CACI No. 462. Strict Liability for Injury Caused by Domestic Animal With Dangerous Propensities - Essential Factual Elements

Judicial Council of California Civil Jury Instructions (2023 edition)

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462.Strict Liability for Injury Caused by Domestic Animal With
Dangerous Propensities - Essential Factual Elements
[Name of plaintiff] claims that [name of defendant]’s [insert type of animal]
harmed [him/her/nonbinary pronoun] and that [name of defendant] is
responsible for that harm.
People who own, keep, or control animals with unusually dangerous
natures or tendencies can be held responsible for the harm that their
animals cause to others, no matter how carefully they guard or restrain
their animals.
To establish [his/her/nonbinary pronoun] claim, [name of plaintiff] must
prove all of the following:
1. That [name of defendant] owned, kept, or controlled a [insert type
of animal];
2. That the [insert type of animal] had an unusually dangerous
nature or tendency;
3. That before [name of plaintiff] was injured, [name of defendant]
knew or should have known that the [insert type of animal] had
this nature or tendency;
4. That [name of plaintiff] was harmed; and
5. That the [insert type of animal]’s unusually dangerous nature or
tendency was a substantial factor in causing [name of plaintiff]’s
New September 2003; Revised April 2007, June 2013
Directions for Use
Give this instruction to impose strict liability on an animal owner if the owner knew
or should have known that the animal had a dangerous propensity. (See Thomas v.
Stenberg (2012) 206 Cal.App.4th 654, 665 [142 Cal.Rptr.3d 24].) There is also strict
liability for injuries caused by animals of a type that are inherently dangerous
without the need to show the owners knowledge of dangerousness. (Baugh v. Beatty
(1949) 91 Cal.App.2d 786, 791-792 [205 P.2d 671]; see CACI No. 461, Strict
Liability for Injury Caused by Wild Animal - Essential Factual Elements.)
For an instruction on statutory strict liability under the dog-bite statute, see CACI
No. 463, Dog Bite Statute (Civ. Code, § 3342) - Essential Factual Elements.
Sources and Authority
“A common law strict liability cause of action may also be maintained if the
owner of a domestic animal that bites or injures another person knew or had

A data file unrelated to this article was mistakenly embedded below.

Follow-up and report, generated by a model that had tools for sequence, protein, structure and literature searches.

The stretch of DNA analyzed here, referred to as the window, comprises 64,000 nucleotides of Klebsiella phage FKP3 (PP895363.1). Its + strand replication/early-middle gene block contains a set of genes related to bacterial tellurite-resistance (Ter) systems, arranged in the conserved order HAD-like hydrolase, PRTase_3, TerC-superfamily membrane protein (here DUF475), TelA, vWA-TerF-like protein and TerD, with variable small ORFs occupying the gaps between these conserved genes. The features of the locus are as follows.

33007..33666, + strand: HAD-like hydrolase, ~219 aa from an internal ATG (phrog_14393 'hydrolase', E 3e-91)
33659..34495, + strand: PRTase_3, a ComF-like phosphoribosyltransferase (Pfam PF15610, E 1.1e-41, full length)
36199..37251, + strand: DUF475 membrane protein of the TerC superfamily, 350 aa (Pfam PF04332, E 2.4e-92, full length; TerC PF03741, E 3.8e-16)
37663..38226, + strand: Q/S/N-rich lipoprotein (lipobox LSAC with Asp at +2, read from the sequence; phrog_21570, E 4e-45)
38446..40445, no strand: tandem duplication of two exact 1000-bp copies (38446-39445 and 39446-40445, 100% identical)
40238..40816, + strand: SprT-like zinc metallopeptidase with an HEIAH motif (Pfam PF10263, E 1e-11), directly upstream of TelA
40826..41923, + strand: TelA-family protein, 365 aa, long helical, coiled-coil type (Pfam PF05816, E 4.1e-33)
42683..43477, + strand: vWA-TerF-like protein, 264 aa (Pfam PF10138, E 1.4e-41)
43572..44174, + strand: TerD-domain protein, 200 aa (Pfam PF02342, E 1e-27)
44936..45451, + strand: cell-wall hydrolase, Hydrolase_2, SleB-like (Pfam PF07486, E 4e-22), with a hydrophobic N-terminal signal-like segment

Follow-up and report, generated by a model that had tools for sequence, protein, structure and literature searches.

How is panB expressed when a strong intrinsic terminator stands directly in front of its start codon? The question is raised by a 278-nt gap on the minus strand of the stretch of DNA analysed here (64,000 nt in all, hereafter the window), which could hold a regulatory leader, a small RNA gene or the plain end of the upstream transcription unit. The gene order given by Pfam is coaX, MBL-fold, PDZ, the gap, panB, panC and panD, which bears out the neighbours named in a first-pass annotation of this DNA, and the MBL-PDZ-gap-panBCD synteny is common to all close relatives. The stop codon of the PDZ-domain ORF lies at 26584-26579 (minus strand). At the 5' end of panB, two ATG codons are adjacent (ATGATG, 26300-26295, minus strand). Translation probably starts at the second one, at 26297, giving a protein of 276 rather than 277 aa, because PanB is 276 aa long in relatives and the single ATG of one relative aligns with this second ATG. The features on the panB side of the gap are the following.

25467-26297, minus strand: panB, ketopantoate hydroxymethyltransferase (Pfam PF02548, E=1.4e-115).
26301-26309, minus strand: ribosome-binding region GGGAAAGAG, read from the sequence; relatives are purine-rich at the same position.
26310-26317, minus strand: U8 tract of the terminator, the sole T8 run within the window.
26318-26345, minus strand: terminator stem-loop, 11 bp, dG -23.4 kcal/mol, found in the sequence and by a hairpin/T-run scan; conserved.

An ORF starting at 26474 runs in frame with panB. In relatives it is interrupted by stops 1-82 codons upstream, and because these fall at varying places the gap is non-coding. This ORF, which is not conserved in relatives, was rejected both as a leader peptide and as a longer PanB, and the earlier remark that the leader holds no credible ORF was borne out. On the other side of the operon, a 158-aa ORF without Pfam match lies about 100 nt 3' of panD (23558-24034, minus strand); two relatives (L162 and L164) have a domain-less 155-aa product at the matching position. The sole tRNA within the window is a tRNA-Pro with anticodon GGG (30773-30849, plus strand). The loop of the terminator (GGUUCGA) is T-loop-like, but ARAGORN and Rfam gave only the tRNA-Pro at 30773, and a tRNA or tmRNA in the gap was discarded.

reason to know of the animal’s vicious propensities. If [defendant] knew or
should have known of his dog’s vicious propensities and failed to inform
[plaintiff] of such facts, he could be found to have exposed [plaintiff] to an
unknown risk and thereby be held strictly liable at common law for her injuries.
Under such circumstances, the defense of primary assumption of risk would not
bar [plaintiff]’s claim since she could not be found to have assumed a risk of
which she was unaware.” (Priebe v. Nelson (2006) 39 Cal.4th 1112, 1115-1116
[47 Cal.Rptr.3d 553, 140 P.3d 848], original italics, internal citations omitted.)
“The doctrine of strict liability for harm done by animals has developed along
two separate and independent lines: (1) Strict liability for damages by
trespassing livestock, and (2) strict liability apart from trespass (a) for damages
by animals of a species regarded as inherently dangerous, and (b) for damages
by animals of a species not so regarded but which, in the particular case, possess
dangerous propensities which were or should have been known to the possessor.”
(Thomas,supra, 206 Cal.App.4th at p. 665.)
“California has long followed the common law rule of strict liability for harm
done by a domestic animal with known vicious or dangerous propensities
abnormal to its class.” (Drake v. Dean (1993) 15 Cal.App.4th 915, 921 [19
Cal.Rptr.2d 325].)
Any propensity that is likely to cause injury under the circumstances is a
dangerous or vicious propensity within the meaning of the law. (Talizin v. Oak
Creek Riding Club (1959) 176 Cal.App.2d 429, 437 [1 Cal.Rptr. 514].)
The question of whether a domestic animal is vicious or dangerous is ordinarily
a factual one for the jury. (Heath v. Fruzia (1942) 50 Cal.App.2d 598, 601 [123
P.2d 560].)
‘The gist of the action is not the manner of keeping the vicious animal, but the
keeping him at all with knowledge of the vicious propensities. In such instances
the owner is an insurer against the acts of the animal, to one who is injured
without fault, and the question of the owners negligence is not in the case.’
(Hillman v. Garcia-Ruby (1955) 44 Cal.2d 625, 626 [283 P.2d 1033], internal
citations omitted.)
“The absolute duty to restrain the dog could not be invoked unless the jury
found, not only that the dog had the alleged dangerous propensity, but that
defendants knew or should have known that it had.” (Hillman, supra, 44 Cal.2d
at p. 628.)
“[N]egligence may be predicated on the characteristics of the animal which,
although not abnormal to its class, create a foreseeable risk of harm. As to those
characteristics, the owner has a duty to anticipate the harm and to exercise
ordinary care to prevent the harm.” (Drake, supra, 15 Cal.App.4th at p. 929.)
“It is well settled in cases such as this (the case involved a bull) that the owner
of an animal, not naturally vicious, is not liable for an injury done by it, unless
two propositions are established: 1. That the animal in fact was vicious, and 2.
That the owner knew it.” (Mann v. Stanley (1956) 141 Cal.App.2d 438, 441 [296
P.2d 921].)
Secondary Sources
6 Witkin, Summary of California Law (11th ed. 2017) Torts, §§ 1575-1588 et seq.
California Tort Guide (Cont.Ed.Bar 3d ed.) §§ 3.3-3.6
1 Levy et al., California Torts, Ch. 6, Strict Liability for Injuries Caused by
Animals, §§ 6.01-6.10 (Matthew Bender)
3 California Forms of Pleading and Practice, Ch. 23, Animals: Civil Liability,
§ 23.33 (Matthew Bender)
1 California Civil Practice: Torts, §§ 2:20-2:21 (Thomson Reuters)

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